Malta

Malta is an interesting option if you’re looking for a fast pathway to EU citizenship. It offers one of the EU’s most popular citizenship-by-investment programs, along with a fully-fledged residency by passive income pathway.

This small country has a relatively low cost of living, 300 days of sun per year, fascinating historical architecture, and a set of appealing tax benefits. Malta also has a varied and eventful history, comprising Phoenician, Roman, Arab and Byzantine influences, as well as the more recent Italian and British.

Today’s Malta has a sizeable immigrant community, including Brits, Italians, other Europeans, and North Africans. Malta could be an appealing choice for Brits looking to regain EU citizenship, thanks to the large British community on the island. 

Here are some of the benefits of choosing Malta as a destination for EU citizenship.

  • One of the EU’s fastest pathways to citizenship by investment: you can be eligible after just one year of Maltese residency.
  • Save money by being resident for three years in Malta, then investing 600,000 EUR
  • Dual/multiple citizenship allowed.
  • No language requirements except for English.
  • Interesting range of tax benefits.

📰 Heads up: Below this introduction to Malta you’ll find all our articles and guides about Malta.

Moving to Malta

As an EU member, Malta enjoys a stable political climate and a flourishing economy. One of its most popular offerings for potential emigres is its citizenship by investment program.

Moving to Malta as an EU citizen

If you’re a citizen of the EU/EEA, you can move freely to Malta at anytime, and get residency.

Under EU freedom of movement laws, you have the right to become a resident in any EU member state.  

If you’re an EU citizen with non-EU family members, they can move to Malta with you using the EU family reunification pathway.

This process is slightly more complicated and requires several documents, but it’s not difficult to achieve. 

Fact Box

  • Population: 493,559 (2019)
  • Area: 316 km2
  • Capital: Valletta
  • GDP/capita (PPP): $48,246 (2019)
  • Government: Unitary parliamentary constitutional republic
  • Language: Maltese, English
  • Currency: Euro
  • Time zone: Central European Time (UTC+1)
  • Average days of sunshine: 300 per year
  • Timeline to citizenship: At least 5 years
  • Dual citizenship allowed? Yes
  • Language level required for citizenship: English only

Moving to Malta as a non-EU citizen

There are two main pathways for moving to Malta as a non-EU citizen. Which one you choose will depend on whether you want to invest in the country, whether you have a source of passive income, and how quickly you want to become a citizen. In this section, we’ll examine them one by one.

Malta Citizenship by Investment Program

This is one of the EU’s most popular citizenship by investment programs and a direct route to Maltese and EU citizenship. There are a number of different requirements, let’s take a look at them now.

How much money do I have to invest to get citizenship of Malta?

You can get Maltese citizenship by investment with a qualifying investment of between €700,000 and €1,460,000. The investment is divided into three parts. You’ll need to fulfil all of them in order to be awarded the citizenship.

Part 1: Financial contribution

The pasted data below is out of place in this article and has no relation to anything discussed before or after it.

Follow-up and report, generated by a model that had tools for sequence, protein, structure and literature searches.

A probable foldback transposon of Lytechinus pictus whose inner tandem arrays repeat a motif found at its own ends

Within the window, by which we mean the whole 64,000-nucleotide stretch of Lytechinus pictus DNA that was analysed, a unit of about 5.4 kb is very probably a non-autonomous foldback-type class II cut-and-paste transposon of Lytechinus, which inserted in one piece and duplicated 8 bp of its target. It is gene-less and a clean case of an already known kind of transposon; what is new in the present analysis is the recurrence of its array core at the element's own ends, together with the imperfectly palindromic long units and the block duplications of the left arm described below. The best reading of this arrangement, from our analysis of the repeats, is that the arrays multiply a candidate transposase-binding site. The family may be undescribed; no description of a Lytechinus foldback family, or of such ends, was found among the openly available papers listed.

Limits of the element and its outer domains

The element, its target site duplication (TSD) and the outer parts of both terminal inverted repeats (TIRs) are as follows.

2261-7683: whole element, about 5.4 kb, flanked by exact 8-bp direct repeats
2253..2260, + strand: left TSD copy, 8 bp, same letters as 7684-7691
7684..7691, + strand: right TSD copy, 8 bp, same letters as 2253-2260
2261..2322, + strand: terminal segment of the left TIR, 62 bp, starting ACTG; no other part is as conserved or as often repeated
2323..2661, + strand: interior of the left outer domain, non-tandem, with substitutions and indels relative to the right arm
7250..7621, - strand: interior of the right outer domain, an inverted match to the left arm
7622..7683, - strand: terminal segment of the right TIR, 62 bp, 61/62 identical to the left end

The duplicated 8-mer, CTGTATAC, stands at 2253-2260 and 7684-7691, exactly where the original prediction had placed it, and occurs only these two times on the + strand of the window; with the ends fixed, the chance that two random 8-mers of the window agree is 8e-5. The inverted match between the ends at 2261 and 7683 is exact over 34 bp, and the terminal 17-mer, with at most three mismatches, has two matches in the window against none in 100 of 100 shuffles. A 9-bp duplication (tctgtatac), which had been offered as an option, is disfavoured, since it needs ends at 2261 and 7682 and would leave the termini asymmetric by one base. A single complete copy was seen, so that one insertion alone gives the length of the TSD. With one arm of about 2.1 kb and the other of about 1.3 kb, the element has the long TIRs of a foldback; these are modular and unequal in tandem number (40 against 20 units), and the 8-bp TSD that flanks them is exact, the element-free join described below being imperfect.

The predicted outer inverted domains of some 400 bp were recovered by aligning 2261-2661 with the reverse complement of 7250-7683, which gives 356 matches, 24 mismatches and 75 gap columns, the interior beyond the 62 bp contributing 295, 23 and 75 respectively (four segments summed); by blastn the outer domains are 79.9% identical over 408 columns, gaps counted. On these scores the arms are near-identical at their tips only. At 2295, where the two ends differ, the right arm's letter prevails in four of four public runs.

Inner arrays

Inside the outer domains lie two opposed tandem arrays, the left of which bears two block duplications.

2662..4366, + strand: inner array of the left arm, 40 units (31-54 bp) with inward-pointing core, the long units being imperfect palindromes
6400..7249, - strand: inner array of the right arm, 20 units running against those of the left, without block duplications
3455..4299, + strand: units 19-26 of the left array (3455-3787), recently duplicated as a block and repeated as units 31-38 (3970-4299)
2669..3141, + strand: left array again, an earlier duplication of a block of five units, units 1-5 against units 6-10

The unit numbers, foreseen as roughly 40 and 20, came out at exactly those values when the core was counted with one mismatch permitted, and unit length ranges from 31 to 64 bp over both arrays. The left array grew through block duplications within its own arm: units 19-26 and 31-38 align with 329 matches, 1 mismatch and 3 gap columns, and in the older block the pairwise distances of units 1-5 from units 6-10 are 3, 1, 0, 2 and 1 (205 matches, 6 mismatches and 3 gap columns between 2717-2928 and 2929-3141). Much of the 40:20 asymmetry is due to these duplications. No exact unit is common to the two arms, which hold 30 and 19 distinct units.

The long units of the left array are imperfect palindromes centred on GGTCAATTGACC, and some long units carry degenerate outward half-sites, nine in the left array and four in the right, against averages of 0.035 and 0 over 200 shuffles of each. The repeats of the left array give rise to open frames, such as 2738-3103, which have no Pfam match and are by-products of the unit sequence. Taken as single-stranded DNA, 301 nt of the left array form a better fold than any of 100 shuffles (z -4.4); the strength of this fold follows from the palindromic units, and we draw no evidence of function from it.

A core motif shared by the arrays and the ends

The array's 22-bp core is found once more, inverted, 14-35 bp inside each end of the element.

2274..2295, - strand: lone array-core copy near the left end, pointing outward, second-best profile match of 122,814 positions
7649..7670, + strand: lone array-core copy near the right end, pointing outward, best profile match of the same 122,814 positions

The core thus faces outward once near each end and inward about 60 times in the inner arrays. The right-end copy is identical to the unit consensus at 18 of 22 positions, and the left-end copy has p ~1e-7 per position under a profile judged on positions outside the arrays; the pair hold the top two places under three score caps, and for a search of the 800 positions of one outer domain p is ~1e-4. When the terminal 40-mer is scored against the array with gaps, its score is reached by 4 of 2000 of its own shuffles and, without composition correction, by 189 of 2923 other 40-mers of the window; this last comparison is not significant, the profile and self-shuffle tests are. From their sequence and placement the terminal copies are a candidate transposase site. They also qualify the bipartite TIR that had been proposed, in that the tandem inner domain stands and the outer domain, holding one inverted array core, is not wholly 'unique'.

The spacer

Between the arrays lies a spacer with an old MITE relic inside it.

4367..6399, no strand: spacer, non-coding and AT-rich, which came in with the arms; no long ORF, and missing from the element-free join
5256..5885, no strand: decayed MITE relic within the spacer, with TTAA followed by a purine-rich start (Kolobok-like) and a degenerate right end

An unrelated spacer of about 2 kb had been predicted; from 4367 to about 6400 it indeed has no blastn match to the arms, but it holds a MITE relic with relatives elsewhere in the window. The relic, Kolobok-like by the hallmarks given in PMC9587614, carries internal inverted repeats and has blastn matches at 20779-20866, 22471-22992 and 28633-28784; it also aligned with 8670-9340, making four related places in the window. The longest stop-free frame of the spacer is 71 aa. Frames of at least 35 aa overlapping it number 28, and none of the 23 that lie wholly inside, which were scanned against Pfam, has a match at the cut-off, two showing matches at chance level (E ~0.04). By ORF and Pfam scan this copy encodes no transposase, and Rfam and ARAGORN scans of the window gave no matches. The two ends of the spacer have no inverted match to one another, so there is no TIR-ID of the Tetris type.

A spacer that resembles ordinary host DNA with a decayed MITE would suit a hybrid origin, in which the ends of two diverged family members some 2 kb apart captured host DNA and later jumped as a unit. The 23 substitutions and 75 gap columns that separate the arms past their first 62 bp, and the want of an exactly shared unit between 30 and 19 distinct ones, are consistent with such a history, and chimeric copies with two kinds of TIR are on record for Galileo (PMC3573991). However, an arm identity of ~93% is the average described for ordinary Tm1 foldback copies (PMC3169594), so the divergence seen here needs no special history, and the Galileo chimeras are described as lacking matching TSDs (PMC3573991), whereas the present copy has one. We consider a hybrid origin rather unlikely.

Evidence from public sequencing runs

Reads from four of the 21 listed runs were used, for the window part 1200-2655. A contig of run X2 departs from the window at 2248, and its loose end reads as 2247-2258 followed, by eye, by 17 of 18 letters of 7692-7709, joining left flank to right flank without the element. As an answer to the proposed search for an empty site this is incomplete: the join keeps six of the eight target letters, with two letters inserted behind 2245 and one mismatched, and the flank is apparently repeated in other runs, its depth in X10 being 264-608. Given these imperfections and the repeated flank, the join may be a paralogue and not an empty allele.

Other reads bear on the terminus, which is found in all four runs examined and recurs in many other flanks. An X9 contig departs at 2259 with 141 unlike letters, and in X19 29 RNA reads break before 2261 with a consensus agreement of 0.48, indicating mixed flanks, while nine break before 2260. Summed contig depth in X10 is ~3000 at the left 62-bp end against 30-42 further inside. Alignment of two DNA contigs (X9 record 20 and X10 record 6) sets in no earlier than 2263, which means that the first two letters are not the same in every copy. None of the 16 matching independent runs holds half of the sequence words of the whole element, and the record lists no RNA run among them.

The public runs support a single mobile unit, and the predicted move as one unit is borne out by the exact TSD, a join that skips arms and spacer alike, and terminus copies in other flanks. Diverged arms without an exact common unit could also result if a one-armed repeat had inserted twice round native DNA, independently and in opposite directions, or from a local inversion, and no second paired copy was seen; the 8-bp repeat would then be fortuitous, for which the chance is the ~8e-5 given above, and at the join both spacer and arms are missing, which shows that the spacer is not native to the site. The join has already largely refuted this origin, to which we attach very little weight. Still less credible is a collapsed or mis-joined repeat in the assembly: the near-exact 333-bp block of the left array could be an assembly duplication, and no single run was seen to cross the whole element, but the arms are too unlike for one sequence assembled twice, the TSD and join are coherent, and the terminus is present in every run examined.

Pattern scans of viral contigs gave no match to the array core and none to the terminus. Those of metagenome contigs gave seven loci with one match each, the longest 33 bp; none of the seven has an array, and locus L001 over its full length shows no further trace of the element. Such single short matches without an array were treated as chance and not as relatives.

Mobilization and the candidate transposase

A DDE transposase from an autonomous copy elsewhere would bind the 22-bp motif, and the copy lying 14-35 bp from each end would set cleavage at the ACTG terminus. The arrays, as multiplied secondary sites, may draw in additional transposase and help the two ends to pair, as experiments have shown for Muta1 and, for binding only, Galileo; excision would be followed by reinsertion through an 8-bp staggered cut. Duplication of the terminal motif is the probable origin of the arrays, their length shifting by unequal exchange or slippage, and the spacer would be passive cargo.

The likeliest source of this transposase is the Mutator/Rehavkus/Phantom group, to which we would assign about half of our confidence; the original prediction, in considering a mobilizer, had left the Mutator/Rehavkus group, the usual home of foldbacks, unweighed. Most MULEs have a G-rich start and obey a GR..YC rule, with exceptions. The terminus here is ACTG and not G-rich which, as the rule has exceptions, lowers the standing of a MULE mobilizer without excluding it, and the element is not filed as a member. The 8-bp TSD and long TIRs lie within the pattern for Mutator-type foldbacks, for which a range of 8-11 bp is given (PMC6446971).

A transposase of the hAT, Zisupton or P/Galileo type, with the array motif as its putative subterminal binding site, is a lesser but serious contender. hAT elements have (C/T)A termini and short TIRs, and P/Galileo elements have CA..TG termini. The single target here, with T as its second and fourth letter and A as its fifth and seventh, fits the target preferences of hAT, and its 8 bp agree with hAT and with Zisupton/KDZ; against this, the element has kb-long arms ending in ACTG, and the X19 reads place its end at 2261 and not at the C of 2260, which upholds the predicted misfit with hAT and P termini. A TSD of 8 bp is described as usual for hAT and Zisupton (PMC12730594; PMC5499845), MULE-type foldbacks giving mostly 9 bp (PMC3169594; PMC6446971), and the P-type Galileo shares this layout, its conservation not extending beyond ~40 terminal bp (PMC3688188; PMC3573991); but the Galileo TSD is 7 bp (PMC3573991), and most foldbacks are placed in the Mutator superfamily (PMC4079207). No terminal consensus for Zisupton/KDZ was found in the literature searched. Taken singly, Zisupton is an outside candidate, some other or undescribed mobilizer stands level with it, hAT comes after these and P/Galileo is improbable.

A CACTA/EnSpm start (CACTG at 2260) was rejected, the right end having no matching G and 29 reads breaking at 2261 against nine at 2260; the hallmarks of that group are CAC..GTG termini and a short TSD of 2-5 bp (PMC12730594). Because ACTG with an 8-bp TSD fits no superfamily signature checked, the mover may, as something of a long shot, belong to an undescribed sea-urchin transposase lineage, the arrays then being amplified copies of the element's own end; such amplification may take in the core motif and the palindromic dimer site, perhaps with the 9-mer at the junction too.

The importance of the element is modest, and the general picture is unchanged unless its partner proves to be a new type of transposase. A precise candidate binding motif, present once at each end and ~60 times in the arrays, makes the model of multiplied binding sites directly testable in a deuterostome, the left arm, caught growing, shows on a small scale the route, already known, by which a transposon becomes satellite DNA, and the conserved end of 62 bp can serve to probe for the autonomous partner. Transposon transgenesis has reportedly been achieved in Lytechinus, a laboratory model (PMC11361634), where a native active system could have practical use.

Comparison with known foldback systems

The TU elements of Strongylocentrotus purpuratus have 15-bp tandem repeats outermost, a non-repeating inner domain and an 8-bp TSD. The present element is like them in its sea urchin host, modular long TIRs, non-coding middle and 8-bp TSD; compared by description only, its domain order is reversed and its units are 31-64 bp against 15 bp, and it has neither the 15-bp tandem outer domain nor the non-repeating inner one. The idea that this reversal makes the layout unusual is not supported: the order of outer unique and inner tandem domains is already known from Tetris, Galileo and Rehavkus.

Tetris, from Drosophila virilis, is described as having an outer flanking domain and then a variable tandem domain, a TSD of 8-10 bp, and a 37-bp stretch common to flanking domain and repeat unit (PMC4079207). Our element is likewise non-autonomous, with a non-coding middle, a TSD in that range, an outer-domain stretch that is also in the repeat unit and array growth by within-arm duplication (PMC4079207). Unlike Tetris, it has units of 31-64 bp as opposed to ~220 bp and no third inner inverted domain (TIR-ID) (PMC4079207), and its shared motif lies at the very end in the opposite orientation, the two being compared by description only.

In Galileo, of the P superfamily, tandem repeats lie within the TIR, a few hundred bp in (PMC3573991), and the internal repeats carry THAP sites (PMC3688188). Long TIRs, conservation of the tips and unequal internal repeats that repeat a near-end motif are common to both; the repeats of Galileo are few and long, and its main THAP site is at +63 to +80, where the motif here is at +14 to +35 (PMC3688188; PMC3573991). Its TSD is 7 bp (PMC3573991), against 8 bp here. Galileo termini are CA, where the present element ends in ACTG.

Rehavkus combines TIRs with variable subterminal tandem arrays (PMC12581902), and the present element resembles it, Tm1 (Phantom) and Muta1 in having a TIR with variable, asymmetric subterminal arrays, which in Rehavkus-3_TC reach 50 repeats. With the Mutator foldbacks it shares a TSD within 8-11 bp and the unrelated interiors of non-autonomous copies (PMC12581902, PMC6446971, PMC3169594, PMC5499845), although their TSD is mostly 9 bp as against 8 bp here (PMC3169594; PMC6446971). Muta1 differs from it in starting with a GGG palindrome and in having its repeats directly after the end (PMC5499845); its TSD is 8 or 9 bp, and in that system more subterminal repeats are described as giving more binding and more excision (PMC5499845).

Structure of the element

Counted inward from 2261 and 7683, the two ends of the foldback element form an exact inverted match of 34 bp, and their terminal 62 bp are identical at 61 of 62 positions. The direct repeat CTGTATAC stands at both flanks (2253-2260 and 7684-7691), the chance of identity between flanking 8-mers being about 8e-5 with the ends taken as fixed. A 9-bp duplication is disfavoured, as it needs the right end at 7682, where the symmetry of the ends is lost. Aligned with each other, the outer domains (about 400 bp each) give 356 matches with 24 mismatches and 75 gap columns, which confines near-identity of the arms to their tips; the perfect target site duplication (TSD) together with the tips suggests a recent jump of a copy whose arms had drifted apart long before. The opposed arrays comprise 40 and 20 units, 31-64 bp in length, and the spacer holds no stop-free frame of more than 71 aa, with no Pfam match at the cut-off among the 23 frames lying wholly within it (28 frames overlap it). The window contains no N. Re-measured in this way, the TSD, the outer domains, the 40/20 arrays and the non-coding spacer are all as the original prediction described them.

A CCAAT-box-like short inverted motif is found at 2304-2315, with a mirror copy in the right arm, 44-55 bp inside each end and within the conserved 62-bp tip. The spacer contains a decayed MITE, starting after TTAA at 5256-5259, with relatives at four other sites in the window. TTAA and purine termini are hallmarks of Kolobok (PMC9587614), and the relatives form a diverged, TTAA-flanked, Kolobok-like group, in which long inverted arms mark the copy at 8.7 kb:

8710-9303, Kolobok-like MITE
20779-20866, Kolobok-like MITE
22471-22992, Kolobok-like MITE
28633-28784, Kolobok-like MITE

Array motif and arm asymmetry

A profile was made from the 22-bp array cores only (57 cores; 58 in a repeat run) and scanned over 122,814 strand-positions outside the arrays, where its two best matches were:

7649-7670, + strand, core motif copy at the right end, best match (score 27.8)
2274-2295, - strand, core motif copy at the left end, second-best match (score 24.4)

With this option, the investor makes a contribution to the national development and social fund of the Maltese government. This fund is run by trustees and used to finance projects including education, creating jobs, and public health. Your investment will be used to benefit the development of the country.

Within Option 1 there are several investment thresholds. Firstly, if you are resident in Malta for 36 months, you can make a contribution of €600,000. For those who want citizenship even more quickly, you can do it with just 12 months residency, but you’ll need to invest €750,000. Each dependent will require an additional €50,000 contribution.

These contributions are non-refundable and they can’t be used to generate return on investment (as would be the case with real estate investment).

Part 2: Donating to charity

The contribution is not the only money you’ll have to spend to get Maltese citizenship. You’ll also need to donate at least €10,000 to one of Malta’s registered NGOs, which must be a charitable organisation.

Part 3: real estate

The final compulsory part of your investment process is to purchase or lease a property in Malta. For purchase, the minimum value must be €700,000, and for lease it must be a minimum yearly rent of €16,000. To ensure your citizenship is maintained, you’ll need to retain the property for at least five years after the date your citizenship is granted.

Residency for a self-sufficient person

This residency pathway is a good fit for digital nomads, entrepreneurs, and retirees who are not living from a pension. (Malta also offers a specific residency pathway for those using a pension).

The self-sufficient pathway can be used by both EU/EEA/Swiss citizens and non-EU citizens, but it has higher financial requirements if you come from outside the EU.

Here are the basic requirements:

  • Minimum savings of €14,000 for individuals, or €23,000 for couples (this increases to €50,000 if you are from outside the EU/EEA)
  • Provable regular income of €92.32 per week, €108.63 for couples and €8.15 extra for each dependent under 18.
  • Private health insurance for yourself and any dependents

If you become resident in Malta with the self-sufficient route, you’ll be eligible to take advantage of Malta’s remittance-based tax system, where you can end up paying just 15% tax, subject to specific requirements.